As prior research out of MIT (Go, Go, Go and Slow, Slow, Slow?), research out of Oregon Health Sciences University (OHSU) recently examined the coordination between two brain networks: the task positive network(s) and the default mode network. These networks have largely opposite functions. In the first–task positive network(s)–there’s increased activity when we have a particular task that demands focus, letting us start and sustain attention on the task. In the second–the default mode network–there’s increased activity when we have no particular task to do. In adults without ADHD, per the MIT research, these two networks cooperate: When it’s time for one to get on stage, the other fades into the background. In adults with ADHD, these networks are uncooperative and can compete for attention at the same time.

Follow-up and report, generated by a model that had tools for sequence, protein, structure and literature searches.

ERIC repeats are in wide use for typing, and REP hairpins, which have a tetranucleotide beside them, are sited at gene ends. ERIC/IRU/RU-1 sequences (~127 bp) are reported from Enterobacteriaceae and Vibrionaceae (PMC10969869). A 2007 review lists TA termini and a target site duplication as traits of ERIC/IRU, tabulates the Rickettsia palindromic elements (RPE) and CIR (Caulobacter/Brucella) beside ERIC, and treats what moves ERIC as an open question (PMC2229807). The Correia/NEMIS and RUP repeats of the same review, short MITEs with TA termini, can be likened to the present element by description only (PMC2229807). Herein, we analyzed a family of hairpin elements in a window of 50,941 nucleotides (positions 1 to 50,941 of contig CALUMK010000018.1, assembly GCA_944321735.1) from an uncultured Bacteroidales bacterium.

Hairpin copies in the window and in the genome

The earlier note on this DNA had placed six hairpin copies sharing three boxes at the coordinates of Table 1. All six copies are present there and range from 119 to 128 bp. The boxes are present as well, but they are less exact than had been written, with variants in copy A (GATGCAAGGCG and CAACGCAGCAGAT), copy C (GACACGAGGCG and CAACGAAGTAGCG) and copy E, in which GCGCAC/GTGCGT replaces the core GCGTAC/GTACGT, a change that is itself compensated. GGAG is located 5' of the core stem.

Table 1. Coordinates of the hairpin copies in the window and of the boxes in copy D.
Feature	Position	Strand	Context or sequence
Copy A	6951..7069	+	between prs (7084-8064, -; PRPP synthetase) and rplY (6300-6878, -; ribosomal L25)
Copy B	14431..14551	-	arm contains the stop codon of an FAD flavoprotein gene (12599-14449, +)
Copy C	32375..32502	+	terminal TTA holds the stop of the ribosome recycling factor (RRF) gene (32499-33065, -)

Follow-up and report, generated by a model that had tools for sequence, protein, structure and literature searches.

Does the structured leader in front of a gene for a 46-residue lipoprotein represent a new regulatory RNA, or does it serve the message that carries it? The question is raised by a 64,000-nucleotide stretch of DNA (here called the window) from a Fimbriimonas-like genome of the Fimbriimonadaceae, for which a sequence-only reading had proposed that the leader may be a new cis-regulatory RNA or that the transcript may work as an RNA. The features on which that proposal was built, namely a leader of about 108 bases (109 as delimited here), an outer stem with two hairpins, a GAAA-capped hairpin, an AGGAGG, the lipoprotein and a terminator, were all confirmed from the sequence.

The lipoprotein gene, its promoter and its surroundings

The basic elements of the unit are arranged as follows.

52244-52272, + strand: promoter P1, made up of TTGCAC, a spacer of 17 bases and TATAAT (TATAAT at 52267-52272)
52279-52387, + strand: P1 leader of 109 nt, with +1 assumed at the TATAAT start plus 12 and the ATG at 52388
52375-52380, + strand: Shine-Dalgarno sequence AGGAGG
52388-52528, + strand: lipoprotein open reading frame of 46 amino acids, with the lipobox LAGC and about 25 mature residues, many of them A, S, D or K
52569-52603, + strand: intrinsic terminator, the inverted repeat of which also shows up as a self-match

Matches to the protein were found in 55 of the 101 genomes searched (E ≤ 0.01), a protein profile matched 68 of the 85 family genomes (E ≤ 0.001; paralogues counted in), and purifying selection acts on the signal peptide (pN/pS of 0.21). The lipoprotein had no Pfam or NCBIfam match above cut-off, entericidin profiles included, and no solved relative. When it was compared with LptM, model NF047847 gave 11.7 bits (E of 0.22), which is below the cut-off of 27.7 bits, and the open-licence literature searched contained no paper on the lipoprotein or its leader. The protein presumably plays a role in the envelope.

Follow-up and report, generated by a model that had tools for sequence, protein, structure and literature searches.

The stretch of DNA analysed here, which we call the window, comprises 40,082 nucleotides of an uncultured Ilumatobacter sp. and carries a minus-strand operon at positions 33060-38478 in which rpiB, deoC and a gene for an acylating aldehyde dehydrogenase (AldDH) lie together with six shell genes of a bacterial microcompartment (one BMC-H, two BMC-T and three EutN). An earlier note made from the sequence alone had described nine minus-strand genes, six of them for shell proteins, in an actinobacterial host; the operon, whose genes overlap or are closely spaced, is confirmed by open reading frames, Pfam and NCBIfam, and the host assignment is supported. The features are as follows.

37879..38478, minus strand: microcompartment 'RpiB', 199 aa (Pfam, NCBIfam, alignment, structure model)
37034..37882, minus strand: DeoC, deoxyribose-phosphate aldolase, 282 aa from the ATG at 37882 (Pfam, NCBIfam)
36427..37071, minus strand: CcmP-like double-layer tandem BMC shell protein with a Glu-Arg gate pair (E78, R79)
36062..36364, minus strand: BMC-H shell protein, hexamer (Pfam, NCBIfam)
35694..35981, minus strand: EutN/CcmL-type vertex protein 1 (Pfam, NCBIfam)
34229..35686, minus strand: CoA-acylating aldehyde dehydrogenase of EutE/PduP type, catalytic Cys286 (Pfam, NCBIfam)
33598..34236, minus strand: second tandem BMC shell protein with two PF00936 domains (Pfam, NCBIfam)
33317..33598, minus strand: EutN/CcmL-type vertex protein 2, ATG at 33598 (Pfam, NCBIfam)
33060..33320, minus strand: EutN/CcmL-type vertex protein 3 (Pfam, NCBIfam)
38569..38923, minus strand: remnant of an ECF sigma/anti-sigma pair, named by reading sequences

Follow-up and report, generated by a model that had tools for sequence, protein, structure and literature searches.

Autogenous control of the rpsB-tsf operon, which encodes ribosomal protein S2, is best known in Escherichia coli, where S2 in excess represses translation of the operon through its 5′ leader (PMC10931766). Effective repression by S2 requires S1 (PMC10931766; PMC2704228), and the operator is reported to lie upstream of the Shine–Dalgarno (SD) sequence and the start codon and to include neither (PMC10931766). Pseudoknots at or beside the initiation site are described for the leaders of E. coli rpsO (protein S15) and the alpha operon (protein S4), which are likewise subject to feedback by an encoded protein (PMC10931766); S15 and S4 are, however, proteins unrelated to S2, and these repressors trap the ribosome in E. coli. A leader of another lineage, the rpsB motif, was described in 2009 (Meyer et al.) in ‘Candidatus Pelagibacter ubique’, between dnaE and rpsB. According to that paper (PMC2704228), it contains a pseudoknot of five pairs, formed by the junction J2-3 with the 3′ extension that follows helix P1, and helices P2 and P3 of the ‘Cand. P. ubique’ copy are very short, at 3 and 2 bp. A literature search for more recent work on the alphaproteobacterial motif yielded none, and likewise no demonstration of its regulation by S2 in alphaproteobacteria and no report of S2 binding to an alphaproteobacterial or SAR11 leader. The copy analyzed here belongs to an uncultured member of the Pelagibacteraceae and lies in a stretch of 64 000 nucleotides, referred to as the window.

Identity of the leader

In children with ADHD, according to the results of the OHSU study (here), we see the same lack of coordination/cooperation between the networks as compared to children without ADHD, with this lack of coordination between networks increasing with age.
The result? Mixed signals. Attentional interference. Or, as the researchers put it, decreased attentional control. A reminder that behavior reflects brain activity, coordinated or otherwise.
Of interest, the OHSU researchers found that the brains of female children overall, with or without ADHD, showed more coordination between the opposing networks than the brains of male children.